The loveliest story ever told

Published 12:00 am Wednesday, December 26, 2001

This story happened a very long time ago in a place far, far away from here.

It's about a young couple, not even officially married and the teenage bride-to-be is already very much with child.

Imagine the snickering, whispers and sordid speculations going on in the little town of Nazarethwhat a delicious source of gossip!

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Of course, Joseph's been told all about the angelic visit and how his betrothed is going to bear the long-awaited Messiahnhis Mary, poor, uneducated, unremarkable in so many ways.

Has this dear girl lost her last marble?

Yet he still loves her.

He has no desire to publicly humiliate her or tonGod forbidnhave her stoned for her infidelity.

He'll break it off quietly, privatelynthat's the decent thing to do and Joseph may have his failings but he is a decent, God-fearing man.

Only he, too, receives an angelic visitation and is encouraged to proceed with the relationship. Mary is not mad, after allbut very, very blessed among all women.

They ignore and rise above the whispers and the looks and the espoused couple watches and waits as the child within Mary grows.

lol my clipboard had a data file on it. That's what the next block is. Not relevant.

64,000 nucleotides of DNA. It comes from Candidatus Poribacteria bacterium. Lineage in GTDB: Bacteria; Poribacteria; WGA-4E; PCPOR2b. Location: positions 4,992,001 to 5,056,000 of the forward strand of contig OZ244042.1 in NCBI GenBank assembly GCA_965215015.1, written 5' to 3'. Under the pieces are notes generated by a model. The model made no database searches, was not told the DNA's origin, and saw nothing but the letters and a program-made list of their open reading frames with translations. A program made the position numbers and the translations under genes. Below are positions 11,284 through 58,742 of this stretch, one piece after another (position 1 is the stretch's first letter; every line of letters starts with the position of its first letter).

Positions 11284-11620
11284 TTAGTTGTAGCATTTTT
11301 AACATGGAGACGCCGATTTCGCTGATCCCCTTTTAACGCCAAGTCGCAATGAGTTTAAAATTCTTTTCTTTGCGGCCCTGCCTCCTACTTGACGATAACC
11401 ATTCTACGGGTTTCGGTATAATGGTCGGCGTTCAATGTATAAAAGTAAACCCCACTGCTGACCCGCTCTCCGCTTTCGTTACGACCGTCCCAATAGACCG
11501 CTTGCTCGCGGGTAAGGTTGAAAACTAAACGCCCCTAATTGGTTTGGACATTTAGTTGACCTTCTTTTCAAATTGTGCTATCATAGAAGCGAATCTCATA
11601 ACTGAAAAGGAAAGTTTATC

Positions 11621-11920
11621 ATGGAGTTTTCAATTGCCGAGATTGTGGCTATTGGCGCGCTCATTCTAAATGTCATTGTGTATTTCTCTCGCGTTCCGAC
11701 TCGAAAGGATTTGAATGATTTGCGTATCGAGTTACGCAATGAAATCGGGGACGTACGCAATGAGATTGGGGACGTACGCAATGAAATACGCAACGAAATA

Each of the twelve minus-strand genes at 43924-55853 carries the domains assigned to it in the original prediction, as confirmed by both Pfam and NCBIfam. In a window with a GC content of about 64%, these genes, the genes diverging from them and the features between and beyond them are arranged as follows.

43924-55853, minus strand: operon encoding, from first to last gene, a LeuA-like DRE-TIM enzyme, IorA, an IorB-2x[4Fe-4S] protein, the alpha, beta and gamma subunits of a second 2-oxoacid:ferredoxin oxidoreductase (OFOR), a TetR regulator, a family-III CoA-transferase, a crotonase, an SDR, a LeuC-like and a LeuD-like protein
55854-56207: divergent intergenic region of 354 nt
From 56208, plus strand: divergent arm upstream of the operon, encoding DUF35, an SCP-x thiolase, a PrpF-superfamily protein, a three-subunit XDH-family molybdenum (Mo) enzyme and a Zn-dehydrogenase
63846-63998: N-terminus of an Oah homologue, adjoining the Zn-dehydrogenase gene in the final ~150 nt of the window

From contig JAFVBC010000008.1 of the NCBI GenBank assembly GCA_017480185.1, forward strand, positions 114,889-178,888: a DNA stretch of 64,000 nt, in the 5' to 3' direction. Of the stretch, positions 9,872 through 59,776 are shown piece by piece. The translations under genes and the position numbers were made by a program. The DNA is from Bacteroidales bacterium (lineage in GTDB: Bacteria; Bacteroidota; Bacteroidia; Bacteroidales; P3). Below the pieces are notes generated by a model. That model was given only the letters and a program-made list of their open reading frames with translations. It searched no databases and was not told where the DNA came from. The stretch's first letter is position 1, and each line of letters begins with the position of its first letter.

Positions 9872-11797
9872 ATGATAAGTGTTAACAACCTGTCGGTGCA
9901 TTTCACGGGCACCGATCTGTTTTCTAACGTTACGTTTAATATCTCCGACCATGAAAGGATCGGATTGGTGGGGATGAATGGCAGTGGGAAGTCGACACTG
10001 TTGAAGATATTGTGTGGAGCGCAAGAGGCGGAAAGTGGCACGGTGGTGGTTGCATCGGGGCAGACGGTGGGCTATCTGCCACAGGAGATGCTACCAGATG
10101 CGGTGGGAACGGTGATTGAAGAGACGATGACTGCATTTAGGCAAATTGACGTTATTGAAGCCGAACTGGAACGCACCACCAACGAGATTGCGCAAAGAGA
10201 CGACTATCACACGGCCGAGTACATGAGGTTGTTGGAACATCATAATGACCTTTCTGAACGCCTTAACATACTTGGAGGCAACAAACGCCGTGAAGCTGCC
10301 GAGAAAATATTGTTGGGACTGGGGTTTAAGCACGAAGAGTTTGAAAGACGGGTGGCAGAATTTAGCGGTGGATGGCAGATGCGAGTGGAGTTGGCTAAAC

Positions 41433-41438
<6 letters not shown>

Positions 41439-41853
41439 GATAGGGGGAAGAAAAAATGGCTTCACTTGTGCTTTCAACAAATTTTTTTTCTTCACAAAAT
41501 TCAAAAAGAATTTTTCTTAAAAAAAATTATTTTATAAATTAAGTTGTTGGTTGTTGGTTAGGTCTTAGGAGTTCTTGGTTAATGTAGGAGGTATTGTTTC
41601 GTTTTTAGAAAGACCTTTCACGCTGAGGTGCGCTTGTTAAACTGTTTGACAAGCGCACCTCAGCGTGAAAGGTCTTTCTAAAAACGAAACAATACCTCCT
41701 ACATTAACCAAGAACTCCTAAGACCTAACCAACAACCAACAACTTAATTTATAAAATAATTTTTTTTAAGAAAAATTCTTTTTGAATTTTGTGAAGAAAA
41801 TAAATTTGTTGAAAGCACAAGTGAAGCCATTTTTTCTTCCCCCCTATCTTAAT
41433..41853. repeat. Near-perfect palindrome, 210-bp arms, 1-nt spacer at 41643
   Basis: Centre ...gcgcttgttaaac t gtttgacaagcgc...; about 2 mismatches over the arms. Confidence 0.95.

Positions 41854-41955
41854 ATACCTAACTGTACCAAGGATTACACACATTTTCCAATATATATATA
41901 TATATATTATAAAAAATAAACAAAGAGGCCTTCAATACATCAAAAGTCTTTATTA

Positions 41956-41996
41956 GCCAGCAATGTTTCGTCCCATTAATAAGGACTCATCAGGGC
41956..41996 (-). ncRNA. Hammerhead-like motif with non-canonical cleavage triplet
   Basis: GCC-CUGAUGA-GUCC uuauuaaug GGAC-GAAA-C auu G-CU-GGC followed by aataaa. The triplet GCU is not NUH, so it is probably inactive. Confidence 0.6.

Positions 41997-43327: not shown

Oh, the deep things that untried teenager ponders in the night as she struggles to face each day with faith and courage.

Imagine traveling by donkey over rough, rocky hill and dale for miles and miles when you are nine months along and indeed "great with child."

Yet that is just what young Mary had to do when she and Joseph answered the summons of the Roman rulers over their land and journeyed to their ancestral city of Bethlehem for a census.

Mary must have been completely exhaustednthe bumpy ride, the long hours and the increasing discomfort as she drew close to her time would surely have been enough to wear any young woman down.

And then to arrive at their destination, Bethlehem, and to discover the normally sleepy little town's lodging was completely full, overrun with fellow disgruntled travelers taking part in Augustus' hated census.

Yes, the mood was likely less than friendly and cordial and the innkeepers wasted no time in booting the poorly dressed pair out and on to other possibilities.

What made that one innkeeper change his mind?

Was there a vein of kindness running through that mercenary's heart of his? Perhaps he was blessed with a gentle-hearted wife or daughter who couldn't fathom the thought of turning such a young, needy and obviously pregnant girl out into the cold, dark streets.